CHICAGO -- The Padres got all the offense they needed with one swing. Christian Bethancourt belted a home run to back Drew Pomeranz and lift San Diego to a 1-0 victory over Chicago in the second game of a split doubleheader on Wednesday night, handing the Cubs consecutive losses for the first time all season.
This was the deepest the Cubs had gone into a season without losing back-to-back games since 1907. That team did not lose consecutive contests until the 34th and 35th games, May 26-27. Wednesday's second game was No. 33 this season for the Cubs.
"We don't like it, but it's probably inevitable during the course of a baseball season that you may lose two games in a row," Cubs manager Joe Maddon said. "It's unfortunate it happened on the same day."
Chicago starter John Lackey -- who has settled in at Wrigley Field, compiling a 2.12 ERA in four starts there -- retired the first 14 batters he faced, and Bethancourt then launched the right-hander's 69th pitch over the left-field bleachers onto Waveland Avenue for the Padres' first hit and lead.
"He's got as much power, if you just watch batting practice, as anyone on our team," said Padres manager Andy Green. "The ball comes off his bat in a way that it does for very few guys in Major League Baseball. What it comes down to with him is swinging at the right pitches consistently. When he does that, he's gonna put a charge into them."
Pomeranz tied a career high with 10 strikeouts to complete the Padres' first doubleheader sweep since 2004 in Pittsburgh. San Diego won the first game, 7-4, snapping the Cubs' eight-game win streak.
MOMENTS THAT MATTERED
No doubt about it: Bethancourt turned around a Lackey curveball and crushed it, with Statcast™ projecting the blast at 445 feet and with an exit velocity of 109 mph. It was the second big fly in as many starts for the Padres' backup catcher. Bethancourt would finish 2-for-3, while catching the second shutout of his career -- a feat he says he's always chasing.
"I was just living the moment," Bethancourt said. "Drew was outstanding. He was so nice to catch and to work with him, and I got a couple good at-bats."
Said Green: "Bethancourt was unbelievable today behind the dish. Best I've seen him block, called a great game, and obviously, hit a ball out of the stadium. So that's not a bad day for the kid."
No magic: The Cubs loaded the bases in the eighth, taking advantage of a miscue by Padres shortstop Alexei Ramirez. With two outs, Jason Heyward walked and Kris Bryant then hit a popup that Ramirez camped under. As Heyward ran past Ramirez, the shortstop dropped the ball for an error, and the Cubs had runners at the corners. Anthony Rizzo walked to load the bases for Jorge Soler, but Brad Hand struck him out to end the threat.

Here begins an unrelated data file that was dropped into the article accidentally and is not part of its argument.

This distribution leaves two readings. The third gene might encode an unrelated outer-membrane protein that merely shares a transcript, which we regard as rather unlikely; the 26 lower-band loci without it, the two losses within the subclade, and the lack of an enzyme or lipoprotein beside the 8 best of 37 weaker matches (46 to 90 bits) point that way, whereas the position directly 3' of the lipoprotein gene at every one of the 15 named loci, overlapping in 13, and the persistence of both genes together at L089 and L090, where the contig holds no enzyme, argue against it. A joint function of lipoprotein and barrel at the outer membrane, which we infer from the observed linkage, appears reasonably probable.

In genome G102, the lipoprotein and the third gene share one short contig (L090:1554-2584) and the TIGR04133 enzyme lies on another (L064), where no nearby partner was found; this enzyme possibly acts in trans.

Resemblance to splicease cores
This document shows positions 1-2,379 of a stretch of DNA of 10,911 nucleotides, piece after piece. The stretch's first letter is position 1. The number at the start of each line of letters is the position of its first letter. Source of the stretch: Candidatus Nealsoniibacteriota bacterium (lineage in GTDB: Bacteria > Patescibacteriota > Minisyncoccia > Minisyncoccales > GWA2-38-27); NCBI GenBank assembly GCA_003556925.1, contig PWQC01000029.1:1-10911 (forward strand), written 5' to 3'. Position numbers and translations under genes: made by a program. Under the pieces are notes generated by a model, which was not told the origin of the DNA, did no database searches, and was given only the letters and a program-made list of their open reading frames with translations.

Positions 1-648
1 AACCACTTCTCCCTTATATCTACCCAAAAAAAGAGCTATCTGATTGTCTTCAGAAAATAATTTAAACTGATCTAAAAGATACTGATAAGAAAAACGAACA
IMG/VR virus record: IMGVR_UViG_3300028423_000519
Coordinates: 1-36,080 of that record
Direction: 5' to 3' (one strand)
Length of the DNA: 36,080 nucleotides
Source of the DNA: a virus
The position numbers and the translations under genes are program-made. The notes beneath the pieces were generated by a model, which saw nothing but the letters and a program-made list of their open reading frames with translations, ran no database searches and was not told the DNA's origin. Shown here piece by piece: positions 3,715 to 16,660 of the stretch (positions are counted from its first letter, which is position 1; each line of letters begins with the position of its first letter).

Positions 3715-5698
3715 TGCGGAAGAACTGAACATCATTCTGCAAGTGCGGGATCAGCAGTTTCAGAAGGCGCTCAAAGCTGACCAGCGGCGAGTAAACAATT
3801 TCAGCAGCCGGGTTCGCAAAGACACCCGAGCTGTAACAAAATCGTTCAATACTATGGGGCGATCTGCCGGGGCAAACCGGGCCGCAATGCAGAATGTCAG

"That's what a good team does," Hand said. "If somebody makes a mistake or an error, we've just got to have each other's back and do whatever we can to help each other out. I know if I make a bad pitch, Alexei will make a great play next time."
Maddon said he never considered using a pinch-hitter for Soler, who is batting .175. "You don't do that," Maddon said. "This is a guy who is a big part of our future. He could've just as easily hit the ball over the wall, get a knock. There's really no thought of [lifting him]."
Double arrows: Padres closer Fernando Rodney recorded saves in both games of Wednesday's doubleheader -- marking the first time in his 14-year career that he's done so. In the nightcap, Rodney surrendered a leadoff single to Javier Baez, but retired the next three hitters, getting Ben Zobrist to bounce back to the mound to end the game. It marked the seventh scoreless inning for the Padres' relief corps over the course of the two games.
"I don't think anybody could keep Fernando Rodney out of the game," Green said. "He was ready to get the save. I think he threw only eight pitches in the first game, so we were thrilled with his pitch efficiency and felt comfortable going back to him."
SOUND SMART WITH YOUR FRIENDS
The Cubs were swept in a doubleheader at home for the first time since June 28, 2014, when the Nationals did so.
"I got a long memory... He'll learn." -- Lackey on how Bethancourt -- whom the veteran hurler had never faced -- watched his home run.
Padres: During his 11-year career, James Shields has faced 29 different opponents. He'll make it a full 30 on Thursday when he toes the slab in Milwaukee to face the Brewers for the first time. For the most part, Shields has been sharp this season, but he's gotten little run support. First pitch is slated for 5:10 p.m. PT.
Cubs: After an off-day Thursday, the Cubs play host to the PIrates at Wrigley Field in a three-game series, starting Friday. Jason Hammel opens the series. He got the win against the Pirates on May 2, giving up two runs over five innings. First pitch will be 1:20 p.m. CT.
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